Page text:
THIS ALL started with the Audi A1. It was red, with an Audi 80 body, the 200’s five-cylinder turbo engine and the all-wheel drive guts of Volkswagen’s Iltis off-roader.
Audi engineer Roland Gumpert had convinced his boss, Jörg Bensinger that the Iltis’ all-weather capabilities would translate to production cars, and Bensinger, in turn, phoned engineering head Ferdinand Piëch to sell him the benefits. The rest is history. The car that changed the world nearly wasn’t called the quattro. That name was the idea of another Audi engineer, Walter Treser, after the previously preferred name, CARAT, for Coupe-All-Rad-Antrieb-Turbo was owned by a perfume manufacturer.
Yet the car before us here is, and only ever could be the quattro. Lower case. Mononymous. Designer Martin Smith’s work has worn the years lightly, the blistered wheel arches and quad ring door decals creating an iconic design language. The quattro font that tracks through the heated rear window element has endured across four decades. This is the last of the ur-quattros, one of only two 20v models that found their way to Australia via personal import. Introduced in 1989, the 20v featured the Torsen centre diff, which can apportion up to 75per cent of torque to the axle that can best deploy it. This is a 1990 car, but perhaps we can overlook that detail.
It’s been a quarter of a century since I was last behind the wheel of one of these and the sensations come flooding back. It’s that Proustian moment, where the smells hurtle to the limbic system, whacking the amygdala and the hippocampus like a pinata, those regions related to emotion and memory. I’m transported back to my early twenties, to the quattro that lived under a bush at the end of my garden in Guildford.
On the road, there are certain elements of the quattro’s DNA that have resisted the ageing process well. It rides with a louche suppleness, helped by some fairly generous sidewall and a more modern Koni dampers. The manual gearchange has a well-oiled feel and the steering, while a little light and approximate around the straight ahead, weights up nicely in corners. The engine pulls from 2000rpm cleanly, without a huge amount of lag, and replicates the rangy cadence of the suspension travel. Everything just takes a moment, but requires very little effort to cover ground quickly and comfortably. The brake requires a fair hoof to effect change, and likewise the clutch only gets to work in the last quarter of its arc, but these are characteristics you quickly key into.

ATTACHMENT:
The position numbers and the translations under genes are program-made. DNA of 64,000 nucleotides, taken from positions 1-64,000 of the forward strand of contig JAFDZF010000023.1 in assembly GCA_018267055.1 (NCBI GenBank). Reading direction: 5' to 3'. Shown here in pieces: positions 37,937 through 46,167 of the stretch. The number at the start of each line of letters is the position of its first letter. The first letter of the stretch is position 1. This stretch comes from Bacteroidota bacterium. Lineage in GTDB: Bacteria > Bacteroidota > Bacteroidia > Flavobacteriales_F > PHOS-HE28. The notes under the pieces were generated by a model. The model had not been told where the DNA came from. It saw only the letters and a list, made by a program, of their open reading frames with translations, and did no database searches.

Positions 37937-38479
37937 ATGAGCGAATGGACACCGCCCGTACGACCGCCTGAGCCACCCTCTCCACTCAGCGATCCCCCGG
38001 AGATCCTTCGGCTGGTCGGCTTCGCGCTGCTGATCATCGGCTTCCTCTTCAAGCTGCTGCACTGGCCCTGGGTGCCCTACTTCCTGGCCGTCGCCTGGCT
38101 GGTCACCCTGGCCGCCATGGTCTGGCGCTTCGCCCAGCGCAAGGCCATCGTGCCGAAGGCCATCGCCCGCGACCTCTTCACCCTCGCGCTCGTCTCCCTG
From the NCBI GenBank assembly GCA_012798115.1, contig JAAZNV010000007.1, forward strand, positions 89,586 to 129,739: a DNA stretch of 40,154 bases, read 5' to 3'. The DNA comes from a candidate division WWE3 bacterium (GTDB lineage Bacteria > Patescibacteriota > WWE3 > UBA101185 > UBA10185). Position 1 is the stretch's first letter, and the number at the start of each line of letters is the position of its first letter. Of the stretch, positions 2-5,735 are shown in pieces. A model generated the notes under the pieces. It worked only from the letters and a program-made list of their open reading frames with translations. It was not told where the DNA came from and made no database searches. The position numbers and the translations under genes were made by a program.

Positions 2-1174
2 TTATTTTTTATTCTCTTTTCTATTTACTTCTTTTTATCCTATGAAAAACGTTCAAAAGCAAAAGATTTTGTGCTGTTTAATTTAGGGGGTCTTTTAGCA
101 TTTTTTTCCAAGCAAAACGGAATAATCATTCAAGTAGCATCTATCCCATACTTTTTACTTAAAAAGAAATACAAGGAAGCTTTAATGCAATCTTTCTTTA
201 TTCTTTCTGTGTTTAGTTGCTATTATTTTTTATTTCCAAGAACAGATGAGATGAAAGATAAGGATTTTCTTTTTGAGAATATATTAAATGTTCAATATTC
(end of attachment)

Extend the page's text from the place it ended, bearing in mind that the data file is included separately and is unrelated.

This is a very good ur-quattro and a delight to drive, but it’s nevertheless a stark reminder of how things have progressed, not just in terms of raw pace, but also in immediacy of response. As we move to our next photo location I watch the ur-quattro roll, settle and squat out of corners, with the next vehicle in our procession, the RS2 Avant behind it. Three years separate these models, but it seems as if evolution has jumped a full generation. In those 36 months, Audi’s flagship sports car went from 162 to 232kW, a massive 43 per cent increase. Due to the RS2 Avant’s rather porcine 1595kg kerb weight, however, the power-to-weight figure only ticked up by 26 per cent. Some 24 per cent was shaved from the 20v’s 0-100km/h time though, dropping the ur-quattro’s 6.3 second sprint to just 4.8 seconds.
It would take the introduction of the R8 V10, some 15 years later, to realise an equivalent step-change in acceleration over the RS2. No wonder it created such a splash at the time. It needed to. The ur-quattro’s immediate coupe successor, the S2, didn’t move the meter in terms of performance, and sold poorly as a result. History has since looked upon the S2 a little more benevolently, but Audi knew that the legendary ur-quattro had the propensity to haunt it, much as the E-Type had for decades at Jaguar, representing a benchmark none of their best efforts could measure up against.
So Audi didn’t just try to better the ur-quattro with the RS2. It looked to exorcise it. Capacity had opened at Porsche’s Rössle-Bau plant with the end of the Mercedes-Benz 500E joint venture, and RS2 Avant production began in 1994. Only 180 right-hook cars were ever built of the total 2891 production run through to 1995 and none officially came to Australia. Audi importer Inchcape had planned to bring 25 right-hand-drive RS2s to Australia at $145,000 each, but the plan fell over. But why a wagon? Ferdinand Piëch, an engineer to his bones, appreciated that the five-door chassis, largely for load bay packaging reasons, had ditched the old strut rear suspension and fitted it with a ‘proper’ double wishbone set-up. That lent itself to a ultra-high performance application.